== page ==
Chapter 9 Florida
Waking up early I walked down to the convenience store for coffee and when I came back I turned on the TV for the news and weather. There was a tornado warning and it was not clear if we should even head out. Watching the weather channel and looking at the radar on the internet we determined that the storm that was now hitting the area would be over by 11:00 AM with the next severe storm hitting in about three hours. I reasoned that since the storm was moving at 12 mph, and we could ride at 12 mph, we would have plenty of time to get to our next Warm Showers host, the Methodist Church in Pensacola, Florida. Hanging out in the hotel room, packing and repacking, we waited until about 11:00 am. At that time the skies were clearing and we raced towards Pensacola. For once we were riding with a strong tailwind but soon enough the wind shifted to a strong headwind reducing our speed. Being along the shore we had to cross several bridges and that added to our stress. Yet even with the headwind we were able to stay well ahead of the storm as we entered Pensacola. Once in the city we stopped at a coop food store, the kind of a store we were familiar with but had seen too few of on our trip. While eating we talked about how it was a wonder that we hadn’t once become sick after eating so much junk food on our trip. Candy bars, gas station fried chicken, tons of French fries, and a lack of green vegetables was the norm and boy did we scarf it all down!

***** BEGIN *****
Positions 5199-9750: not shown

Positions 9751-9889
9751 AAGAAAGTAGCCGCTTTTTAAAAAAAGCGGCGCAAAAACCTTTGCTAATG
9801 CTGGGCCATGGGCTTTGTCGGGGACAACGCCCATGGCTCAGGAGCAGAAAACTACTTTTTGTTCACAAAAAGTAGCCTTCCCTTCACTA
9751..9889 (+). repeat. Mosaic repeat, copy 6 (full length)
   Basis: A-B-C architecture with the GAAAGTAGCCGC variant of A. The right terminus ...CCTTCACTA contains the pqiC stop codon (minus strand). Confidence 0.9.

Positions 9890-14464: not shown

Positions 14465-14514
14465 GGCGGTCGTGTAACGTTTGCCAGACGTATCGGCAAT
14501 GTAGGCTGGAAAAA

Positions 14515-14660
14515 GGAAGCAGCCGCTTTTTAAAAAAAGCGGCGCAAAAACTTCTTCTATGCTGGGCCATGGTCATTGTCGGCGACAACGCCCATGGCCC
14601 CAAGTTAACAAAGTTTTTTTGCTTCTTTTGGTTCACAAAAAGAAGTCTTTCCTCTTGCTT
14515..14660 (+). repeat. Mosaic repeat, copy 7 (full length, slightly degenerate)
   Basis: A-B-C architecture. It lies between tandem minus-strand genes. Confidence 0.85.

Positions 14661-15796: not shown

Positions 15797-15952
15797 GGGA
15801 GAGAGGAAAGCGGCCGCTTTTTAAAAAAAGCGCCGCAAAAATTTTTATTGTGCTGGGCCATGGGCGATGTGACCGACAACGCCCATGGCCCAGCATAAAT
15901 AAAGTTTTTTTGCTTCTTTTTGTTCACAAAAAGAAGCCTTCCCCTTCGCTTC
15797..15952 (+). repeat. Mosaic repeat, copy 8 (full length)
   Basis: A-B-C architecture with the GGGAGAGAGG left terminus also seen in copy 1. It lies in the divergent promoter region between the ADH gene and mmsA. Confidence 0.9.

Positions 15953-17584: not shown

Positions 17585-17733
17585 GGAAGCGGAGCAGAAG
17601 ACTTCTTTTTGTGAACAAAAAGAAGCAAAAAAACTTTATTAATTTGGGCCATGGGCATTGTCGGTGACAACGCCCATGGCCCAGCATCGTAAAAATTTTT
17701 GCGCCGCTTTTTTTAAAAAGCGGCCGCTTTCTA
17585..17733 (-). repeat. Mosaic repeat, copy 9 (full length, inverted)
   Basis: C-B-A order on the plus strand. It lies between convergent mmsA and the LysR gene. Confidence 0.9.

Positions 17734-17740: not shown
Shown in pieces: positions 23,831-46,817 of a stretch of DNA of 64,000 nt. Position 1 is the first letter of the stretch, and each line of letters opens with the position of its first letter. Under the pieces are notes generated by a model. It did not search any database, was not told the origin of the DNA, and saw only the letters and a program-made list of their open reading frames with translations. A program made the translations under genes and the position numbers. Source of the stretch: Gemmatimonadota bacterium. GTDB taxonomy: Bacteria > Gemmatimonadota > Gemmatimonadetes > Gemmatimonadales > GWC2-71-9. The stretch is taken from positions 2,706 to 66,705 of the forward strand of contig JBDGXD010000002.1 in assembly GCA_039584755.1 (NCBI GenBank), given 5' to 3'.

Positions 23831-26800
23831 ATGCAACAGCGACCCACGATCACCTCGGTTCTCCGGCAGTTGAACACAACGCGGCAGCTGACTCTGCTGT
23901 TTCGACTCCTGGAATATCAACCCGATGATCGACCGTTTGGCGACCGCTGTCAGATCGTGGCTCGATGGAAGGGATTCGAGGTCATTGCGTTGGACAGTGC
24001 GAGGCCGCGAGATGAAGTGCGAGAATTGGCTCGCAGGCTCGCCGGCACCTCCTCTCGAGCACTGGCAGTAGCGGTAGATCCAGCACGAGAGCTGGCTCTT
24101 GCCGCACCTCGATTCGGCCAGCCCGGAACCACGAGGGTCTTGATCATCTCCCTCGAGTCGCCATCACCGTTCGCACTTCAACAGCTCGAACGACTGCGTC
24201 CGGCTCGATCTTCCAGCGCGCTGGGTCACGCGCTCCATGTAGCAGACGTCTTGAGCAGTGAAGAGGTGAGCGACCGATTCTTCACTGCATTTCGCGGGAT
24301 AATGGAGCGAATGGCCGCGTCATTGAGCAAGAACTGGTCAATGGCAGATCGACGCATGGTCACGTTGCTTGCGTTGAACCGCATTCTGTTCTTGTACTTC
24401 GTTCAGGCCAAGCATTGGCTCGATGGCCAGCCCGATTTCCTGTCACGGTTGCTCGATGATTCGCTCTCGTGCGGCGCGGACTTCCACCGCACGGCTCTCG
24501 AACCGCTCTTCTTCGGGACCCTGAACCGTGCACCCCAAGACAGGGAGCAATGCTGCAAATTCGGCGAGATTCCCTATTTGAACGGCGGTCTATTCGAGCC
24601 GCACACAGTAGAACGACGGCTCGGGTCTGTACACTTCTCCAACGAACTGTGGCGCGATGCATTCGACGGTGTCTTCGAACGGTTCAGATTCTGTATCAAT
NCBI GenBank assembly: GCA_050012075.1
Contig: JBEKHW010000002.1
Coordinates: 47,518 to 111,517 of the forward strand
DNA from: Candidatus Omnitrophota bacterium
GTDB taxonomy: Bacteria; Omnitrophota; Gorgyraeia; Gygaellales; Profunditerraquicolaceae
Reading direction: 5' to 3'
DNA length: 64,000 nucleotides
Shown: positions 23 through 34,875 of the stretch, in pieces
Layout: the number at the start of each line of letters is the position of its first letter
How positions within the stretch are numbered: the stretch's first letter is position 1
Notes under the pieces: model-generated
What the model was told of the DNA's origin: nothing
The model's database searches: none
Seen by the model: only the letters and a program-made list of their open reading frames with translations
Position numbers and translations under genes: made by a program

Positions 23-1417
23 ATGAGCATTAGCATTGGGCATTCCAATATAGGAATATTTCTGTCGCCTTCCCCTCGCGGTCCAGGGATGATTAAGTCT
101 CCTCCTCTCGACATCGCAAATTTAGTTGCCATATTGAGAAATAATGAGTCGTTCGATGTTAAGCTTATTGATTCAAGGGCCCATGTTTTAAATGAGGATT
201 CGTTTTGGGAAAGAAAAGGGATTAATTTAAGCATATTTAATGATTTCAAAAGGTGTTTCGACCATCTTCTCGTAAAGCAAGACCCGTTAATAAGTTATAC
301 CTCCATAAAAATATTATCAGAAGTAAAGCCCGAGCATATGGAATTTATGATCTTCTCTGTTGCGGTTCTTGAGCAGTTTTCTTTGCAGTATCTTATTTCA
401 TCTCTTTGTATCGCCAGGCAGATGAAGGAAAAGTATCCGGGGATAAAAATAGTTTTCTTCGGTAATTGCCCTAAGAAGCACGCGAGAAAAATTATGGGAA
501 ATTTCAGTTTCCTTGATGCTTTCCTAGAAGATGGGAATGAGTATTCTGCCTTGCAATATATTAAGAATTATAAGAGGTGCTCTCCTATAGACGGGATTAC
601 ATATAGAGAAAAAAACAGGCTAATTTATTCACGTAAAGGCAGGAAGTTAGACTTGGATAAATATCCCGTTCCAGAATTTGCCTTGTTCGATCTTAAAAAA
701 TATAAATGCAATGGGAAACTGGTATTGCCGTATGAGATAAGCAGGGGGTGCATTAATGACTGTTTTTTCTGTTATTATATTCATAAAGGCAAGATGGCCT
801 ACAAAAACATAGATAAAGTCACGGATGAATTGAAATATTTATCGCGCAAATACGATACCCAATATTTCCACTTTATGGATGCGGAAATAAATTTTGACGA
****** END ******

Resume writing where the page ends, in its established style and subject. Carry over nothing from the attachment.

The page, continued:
We continued on to the oldest Methodist Church in Florida where we met Jeb, the social director at the church. He showed us around the building we were to stay in; where to sleep, where to cook, where was the freezer full of an amazing amount of ice cream which we were encouraged to take part of! After our tour Jeb left us alone and Mary and I were suddenly left to ourselves and with an unlimited amount of electricity we plugged in and started looking at our devices. It was the day after the inauguration, the day of the Women’s March when millions of people around the world gathered peacefully to show their support for a positive, loving future. We were mesmerized and couldn’t stop looking at all the pictures. We saw pictures of the City of Montpelier and there were people in the crowd that we knew which made us miss our Vermont. The other news was not so great. The storm that had passed that morning had leveled a town a little north of us and twenty people were killed. Locals were saying that these storms were unusual for this time of year. I had a difficult time sleeping that night thinking about all that happened that day.